The Trio for piano, violin and cello in G Major K 564, a simple and graceful work, was born in 1788 from a piano sonata to which Mozart added string parts. Its central movement is an Andante theme and variations whose song is passed among the instruments in various combinations.
Three years earlier, the fifteen-year-old Beethoven had already explored the field of the piano quartet, composing three quartets for piano and strings that were not published until after his death. The third and last of these, in C major, demonstrates the extraordinary maturity of the young composer, opening with an energetic Allegro, then moving to a tender Adagio, and finally a lively Rondo-Allegro.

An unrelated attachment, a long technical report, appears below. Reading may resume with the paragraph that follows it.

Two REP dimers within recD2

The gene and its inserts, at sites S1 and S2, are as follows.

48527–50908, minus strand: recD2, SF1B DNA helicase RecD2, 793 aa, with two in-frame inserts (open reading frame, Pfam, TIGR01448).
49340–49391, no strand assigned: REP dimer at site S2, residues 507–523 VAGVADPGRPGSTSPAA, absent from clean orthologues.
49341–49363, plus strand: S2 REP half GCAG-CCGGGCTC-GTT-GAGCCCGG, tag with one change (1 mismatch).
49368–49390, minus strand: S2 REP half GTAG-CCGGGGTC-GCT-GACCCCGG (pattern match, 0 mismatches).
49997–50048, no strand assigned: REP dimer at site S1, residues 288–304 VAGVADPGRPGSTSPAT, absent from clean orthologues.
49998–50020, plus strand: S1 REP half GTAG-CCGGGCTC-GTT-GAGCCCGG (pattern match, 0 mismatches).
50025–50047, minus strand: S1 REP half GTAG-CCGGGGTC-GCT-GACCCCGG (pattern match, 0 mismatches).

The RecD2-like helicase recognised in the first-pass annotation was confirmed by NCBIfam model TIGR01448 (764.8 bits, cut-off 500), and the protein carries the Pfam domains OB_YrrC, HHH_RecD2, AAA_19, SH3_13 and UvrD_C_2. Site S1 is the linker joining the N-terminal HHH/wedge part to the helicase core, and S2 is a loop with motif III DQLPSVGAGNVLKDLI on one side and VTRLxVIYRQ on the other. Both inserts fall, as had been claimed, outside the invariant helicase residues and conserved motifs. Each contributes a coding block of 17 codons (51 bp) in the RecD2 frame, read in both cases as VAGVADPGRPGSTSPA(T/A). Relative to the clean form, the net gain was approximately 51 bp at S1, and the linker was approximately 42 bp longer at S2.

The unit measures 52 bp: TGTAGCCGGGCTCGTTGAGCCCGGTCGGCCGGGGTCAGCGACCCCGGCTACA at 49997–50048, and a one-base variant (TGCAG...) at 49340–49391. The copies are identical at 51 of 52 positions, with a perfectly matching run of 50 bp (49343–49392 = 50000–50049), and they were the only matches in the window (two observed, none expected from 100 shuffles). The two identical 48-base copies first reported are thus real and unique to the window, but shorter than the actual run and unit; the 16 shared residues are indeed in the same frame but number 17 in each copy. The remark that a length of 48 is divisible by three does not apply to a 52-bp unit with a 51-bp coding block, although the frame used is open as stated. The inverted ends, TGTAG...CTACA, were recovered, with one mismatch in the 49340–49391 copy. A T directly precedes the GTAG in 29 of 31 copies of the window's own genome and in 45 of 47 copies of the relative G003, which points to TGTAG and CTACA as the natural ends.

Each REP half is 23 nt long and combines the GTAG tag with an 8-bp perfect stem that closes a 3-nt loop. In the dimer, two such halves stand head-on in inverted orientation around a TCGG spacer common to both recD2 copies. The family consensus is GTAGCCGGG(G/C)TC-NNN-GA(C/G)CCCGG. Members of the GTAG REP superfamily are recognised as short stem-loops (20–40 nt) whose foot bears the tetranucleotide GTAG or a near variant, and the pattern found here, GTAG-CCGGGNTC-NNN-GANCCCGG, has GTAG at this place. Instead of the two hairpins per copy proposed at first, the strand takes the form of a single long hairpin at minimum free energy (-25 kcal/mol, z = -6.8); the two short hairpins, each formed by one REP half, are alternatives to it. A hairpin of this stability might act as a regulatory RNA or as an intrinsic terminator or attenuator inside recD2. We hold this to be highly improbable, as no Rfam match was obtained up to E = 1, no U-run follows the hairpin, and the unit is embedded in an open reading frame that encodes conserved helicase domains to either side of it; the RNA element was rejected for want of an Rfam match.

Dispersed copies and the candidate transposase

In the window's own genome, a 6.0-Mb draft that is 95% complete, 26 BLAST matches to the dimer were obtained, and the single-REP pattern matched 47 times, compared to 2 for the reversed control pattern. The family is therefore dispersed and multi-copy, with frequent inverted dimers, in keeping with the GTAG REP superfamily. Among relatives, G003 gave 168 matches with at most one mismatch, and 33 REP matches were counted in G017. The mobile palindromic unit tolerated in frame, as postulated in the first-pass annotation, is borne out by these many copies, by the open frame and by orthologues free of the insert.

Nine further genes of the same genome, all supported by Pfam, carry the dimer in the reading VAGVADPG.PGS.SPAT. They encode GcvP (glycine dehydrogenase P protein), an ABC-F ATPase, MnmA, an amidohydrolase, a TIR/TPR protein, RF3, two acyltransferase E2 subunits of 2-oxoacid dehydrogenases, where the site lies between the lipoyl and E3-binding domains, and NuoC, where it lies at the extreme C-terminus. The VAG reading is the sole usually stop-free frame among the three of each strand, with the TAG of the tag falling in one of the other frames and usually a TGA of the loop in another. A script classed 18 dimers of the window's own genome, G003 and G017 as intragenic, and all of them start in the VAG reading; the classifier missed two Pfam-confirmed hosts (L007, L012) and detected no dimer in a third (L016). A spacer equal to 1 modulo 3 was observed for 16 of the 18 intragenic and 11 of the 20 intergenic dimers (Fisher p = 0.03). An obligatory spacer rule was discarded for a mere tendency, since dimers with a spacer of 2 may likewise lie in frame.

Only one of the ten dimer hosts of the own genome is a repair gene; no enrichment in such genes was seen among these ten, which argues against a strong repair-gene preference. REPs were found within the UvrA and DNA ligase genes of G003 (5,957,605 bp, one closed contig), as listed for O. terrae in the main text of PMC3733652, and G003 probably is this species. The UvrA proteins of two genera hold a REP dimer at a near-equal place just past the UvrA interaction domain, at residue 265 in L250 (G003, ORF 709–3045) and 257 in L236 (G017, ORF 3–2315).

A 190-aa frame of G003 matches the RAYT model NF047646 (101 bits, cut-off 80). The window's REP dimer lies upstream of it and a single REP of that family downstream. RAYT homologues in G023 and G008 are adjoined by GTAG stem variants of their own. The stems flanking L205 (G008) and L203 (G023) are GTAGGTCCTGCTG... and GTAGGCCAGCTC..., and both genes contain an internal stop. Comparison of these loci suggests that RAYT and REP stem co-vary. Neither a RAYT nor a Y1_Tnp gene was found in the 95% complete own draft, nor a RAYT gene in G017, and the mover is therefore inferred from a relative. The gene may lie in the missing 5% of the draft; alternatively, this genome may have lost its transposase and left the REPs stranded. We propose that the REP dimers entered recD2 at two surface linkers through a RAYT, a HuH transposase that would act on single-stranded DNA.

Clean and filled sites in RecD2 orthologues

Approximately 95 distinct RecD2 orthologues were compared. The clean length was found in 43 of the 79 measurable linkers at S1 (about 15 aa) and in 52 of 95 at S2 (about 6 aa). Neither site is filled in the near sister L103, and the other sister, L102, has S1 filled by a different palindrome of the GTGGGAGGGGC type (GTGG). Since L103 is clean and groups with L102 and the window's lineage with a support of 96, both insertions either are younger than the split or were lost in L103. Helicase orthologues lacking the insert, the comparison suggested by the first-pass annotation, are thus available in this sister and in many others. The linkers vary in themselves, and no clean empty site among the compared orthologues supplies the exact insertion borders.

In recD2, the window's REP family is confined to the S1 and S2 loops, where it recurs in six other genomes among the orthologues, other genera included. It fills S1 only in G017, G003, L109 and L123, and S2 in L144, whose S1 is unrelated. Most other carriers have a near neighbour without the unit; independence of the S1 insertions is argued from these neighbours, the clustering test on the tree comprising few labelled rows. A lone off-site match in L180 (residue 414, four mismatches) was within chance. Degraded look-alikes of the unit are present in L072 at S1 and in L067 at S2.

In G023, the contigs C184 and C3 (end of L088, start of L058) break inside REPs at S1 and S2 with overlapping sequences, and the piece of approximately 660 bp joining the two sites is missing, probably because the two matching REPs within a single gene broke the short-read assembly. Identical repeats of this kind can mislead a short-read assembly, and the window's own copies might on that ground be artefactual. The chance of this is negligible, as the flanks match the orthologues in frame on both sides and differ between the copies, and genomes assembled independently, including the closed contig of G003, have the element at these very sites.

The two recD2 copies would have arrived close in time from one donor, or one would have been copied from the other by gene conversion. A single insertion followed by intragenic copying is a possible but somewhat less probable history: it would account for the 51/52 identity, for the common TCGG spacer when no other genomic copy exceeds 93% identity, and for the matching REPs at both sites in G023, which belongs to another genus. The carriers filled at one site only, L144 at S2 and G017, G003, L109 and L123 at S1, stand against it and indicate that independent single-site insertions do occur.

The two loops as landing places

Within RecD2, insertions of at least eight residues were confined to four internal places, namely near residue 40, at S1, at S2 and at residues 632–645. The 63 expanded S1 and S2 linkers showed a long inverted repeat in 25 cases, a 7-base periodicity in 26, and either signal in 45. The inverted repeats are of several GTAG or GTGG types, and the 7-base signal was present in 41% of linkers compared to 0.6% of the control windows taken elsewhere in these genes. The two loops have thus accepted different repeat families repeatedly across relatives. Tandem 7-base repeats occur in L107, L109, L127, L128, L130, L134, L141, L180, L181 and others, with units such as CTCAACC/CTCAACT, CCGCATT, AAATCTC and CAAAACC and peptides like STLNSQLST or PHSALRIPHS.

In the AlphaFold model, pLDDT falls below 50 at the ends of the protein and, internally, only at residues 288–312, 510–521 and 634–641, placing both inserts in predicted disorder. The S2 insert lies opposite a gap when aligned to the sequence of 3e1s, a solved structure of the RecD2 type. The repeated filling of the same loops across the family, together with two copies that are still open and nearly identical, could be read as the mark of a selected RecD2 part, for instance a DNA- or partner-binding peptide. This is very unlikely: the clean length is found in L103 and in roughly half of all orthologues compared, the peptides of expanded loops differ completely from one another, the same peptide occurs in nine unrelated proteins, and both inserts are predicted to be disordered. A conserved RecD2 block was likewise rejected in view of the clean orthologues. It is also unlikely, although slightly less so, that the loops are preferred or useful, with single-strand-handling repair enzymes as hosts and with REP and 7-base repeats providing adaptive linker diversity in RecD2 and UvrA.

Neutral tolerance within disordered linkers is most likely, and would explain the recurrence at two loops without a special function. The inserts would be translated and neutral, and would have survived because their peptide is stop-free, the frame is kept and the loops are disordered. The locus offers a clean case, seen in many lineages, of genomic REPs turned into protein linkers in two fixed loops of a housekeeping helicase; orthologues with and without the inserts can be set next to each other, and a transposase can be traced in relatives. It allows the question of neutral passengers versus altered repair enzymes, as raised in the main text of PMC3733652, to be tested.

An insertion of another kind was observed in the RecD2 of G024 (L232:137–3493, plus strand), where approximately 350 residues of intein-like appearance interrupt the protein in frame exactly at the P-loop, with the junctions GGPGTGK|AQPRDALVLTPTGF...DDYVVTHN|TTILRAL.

Dvorak’s famous Quintet for piano and strings in A major, Op. 81 contains, hidden within it, an Opus 5 written fifteen years earlier, for the same number of players and in the same key, but which the dissatisfied composer abandoned, revised, then destroyed. The work survived thanks to a friend’s copy, and was published in 1959. It has since earned acclaim and bears the seed of Opus 81 in its melodic outpouring and in the prominence of folkloric material.